26 November 2012

"What are your credentials?"

In my years of leadership I have never had someone on my team ask for my credentials. In other words, they did not want to know what degrees I have earned or what diplomas I have on my wall.
       They wanted to know if I lead well. The only way they figured that out was to observe my actions.
       I am all for learning and for leaders to be life-long learners. Surely there is a place for formal, classroom learning as well as informal and non-formal contexts.
       At the same time, I am not an "expert" and do not list my "many credits and accomplishments," as one leader lists on his website.
       I cringe when people "endorse" me on LinkedIn.
       Why all the fuss? Because I am called first and foremost to serve others, which by definition demands that I NOT call attention to my resume. Honestly, I know Christian leaders who have some sort of "entitlement" mentality because they are the expert in theology, or because they have advanced degrees, or because they write books, or because their church or ministry is large.
       The Apostle Paul spoke directly to the opposite attitude: "Do nothing from selfish ambition or conceit, but in humility count others more significant than yourselves. Let each of you look not only to his own interests, but also to the interests of others." (Philippians 2:3-4)
       What does Philippians 2:3-4 actually look like in practice, in the fine details of Christian ministry (local church, sending agency, training group)?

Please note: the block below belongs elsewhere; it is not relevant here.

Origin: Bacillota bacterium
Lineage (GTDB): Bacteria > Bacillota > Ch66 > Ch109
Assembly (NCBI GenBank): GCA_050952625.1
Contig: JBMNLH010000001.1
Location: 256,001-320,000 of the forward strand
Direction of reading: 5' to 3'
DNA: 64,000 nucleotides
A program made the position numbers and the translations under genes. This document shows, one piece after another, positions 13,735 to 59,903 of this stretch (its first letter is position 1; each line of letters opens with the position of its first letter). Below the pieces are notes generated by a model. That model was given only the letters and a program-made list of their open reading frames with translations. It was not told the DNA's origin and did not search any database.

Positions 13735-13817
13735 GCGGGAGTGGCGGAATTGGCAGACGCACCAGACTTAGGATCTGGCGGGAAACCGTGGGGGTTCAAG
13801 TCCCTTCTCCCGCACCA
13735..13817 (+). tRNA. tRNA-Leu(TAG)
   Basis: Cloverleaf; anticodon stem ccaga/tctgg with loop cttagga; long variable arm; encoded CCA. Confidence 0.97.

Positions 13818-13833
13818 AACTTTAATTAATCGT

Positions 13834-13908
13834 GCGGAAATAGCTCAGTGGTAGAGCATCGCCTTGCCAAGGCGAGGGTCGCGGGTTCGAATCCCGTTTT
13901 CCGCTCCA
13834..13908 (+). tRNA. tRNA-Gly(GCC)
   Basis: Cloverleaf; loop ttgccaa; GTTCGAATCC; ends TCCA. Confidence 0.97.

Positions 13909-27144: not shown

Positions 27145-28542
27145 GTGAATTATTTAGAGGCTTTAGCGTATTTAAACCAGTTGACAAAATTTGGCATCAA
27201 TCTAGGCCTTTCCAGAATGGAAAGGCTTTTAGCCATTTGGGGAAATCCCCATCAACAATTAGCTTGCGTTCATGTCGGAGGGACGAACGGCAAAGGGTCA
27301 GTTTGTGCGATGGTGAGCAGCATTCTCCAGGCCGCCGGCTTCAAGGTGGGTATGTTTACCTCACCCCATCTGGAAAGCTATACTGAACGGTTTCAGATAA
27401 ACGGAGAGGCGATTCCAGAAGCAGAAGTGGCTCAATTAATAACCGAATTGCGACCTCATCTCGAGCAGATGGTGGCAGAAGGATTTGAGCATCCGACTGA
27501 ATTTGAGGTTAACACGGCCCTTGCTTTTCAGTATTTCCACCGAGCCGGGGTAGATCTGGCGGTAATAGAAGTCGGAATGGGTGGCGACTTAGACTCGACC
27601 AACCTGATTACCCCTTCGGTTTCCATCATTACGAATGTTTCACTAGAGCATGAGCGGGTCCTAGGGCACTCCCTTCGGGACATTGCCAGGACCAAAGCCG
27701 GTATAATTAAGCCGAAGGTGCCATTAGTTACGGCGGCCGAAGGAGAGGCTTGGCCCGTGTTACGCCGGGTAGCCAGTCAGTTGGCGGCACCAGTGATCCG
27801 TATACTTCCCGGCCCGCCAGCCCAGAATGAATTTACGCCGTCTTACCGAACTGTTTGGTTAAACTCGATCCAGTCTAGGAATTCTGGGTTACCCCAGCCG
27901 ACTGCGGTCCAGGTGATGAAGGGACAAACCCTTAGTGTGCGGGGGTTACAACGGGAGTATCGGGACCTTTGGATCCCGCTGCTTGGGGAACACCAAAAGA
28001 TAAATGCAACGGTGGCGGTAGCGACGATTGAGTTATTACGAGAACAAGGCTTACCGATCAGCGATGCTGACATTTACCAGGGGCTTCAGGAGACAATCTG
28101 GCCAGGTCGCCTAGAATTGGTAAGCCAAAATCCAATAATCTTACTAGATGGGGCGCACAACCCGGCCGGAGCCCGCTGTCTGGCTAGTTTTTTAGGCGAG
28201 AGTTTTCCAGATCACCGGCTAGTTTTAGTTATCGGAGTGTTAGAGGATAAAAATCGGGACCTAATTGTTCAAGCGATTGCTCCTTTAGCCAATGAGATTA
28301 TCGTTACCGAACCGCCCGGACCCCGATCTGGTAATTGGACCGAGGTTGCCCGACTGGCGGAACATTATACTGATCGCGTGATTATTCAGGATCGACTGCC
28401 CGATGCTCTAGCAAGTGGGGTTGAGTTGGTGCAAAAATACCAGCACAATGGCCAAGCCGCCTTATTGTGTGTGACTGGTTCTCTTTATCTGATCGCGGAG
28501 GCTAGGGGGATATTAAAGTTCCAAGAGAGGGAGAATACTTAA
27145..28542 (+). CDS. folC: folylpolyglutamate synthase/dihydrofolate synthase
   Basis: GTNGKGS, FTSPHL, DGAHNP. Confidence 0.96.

* It looks like the senior leader who goes out of his way (thousands of miles and several countries out of his way) at his own expense to visit a staff couple who is struggling;
       * It looks like the senior pastor who takes the first pay cut when the church budget needs to shrink;
       * It looks like the senior leader saying, "I don't know" when he or she does not know.
       * It looks like the preacher consistently asking, "how are these people needing to encounter Christ" rather than asking, "what do I have to say about encountering Christ."
       * It looks like the leader who "rolls up his sleeves" with people in his ministry or church to do "grunt work" - setting up chairs, shoveling snow, washing dishes. Show me a leader with an aching back from pushing snow and I will likely show you a servant.
       We who are called to senior leadership positions need to repent. Repent? Really? We are proud and hold onto power through knowledge, position, sometimes manipulating circumstances. We need to repent of this, and we need to ask God to make us into servant leaders.
       And we will find ourselves looking more and more like another Servant - Jesus.

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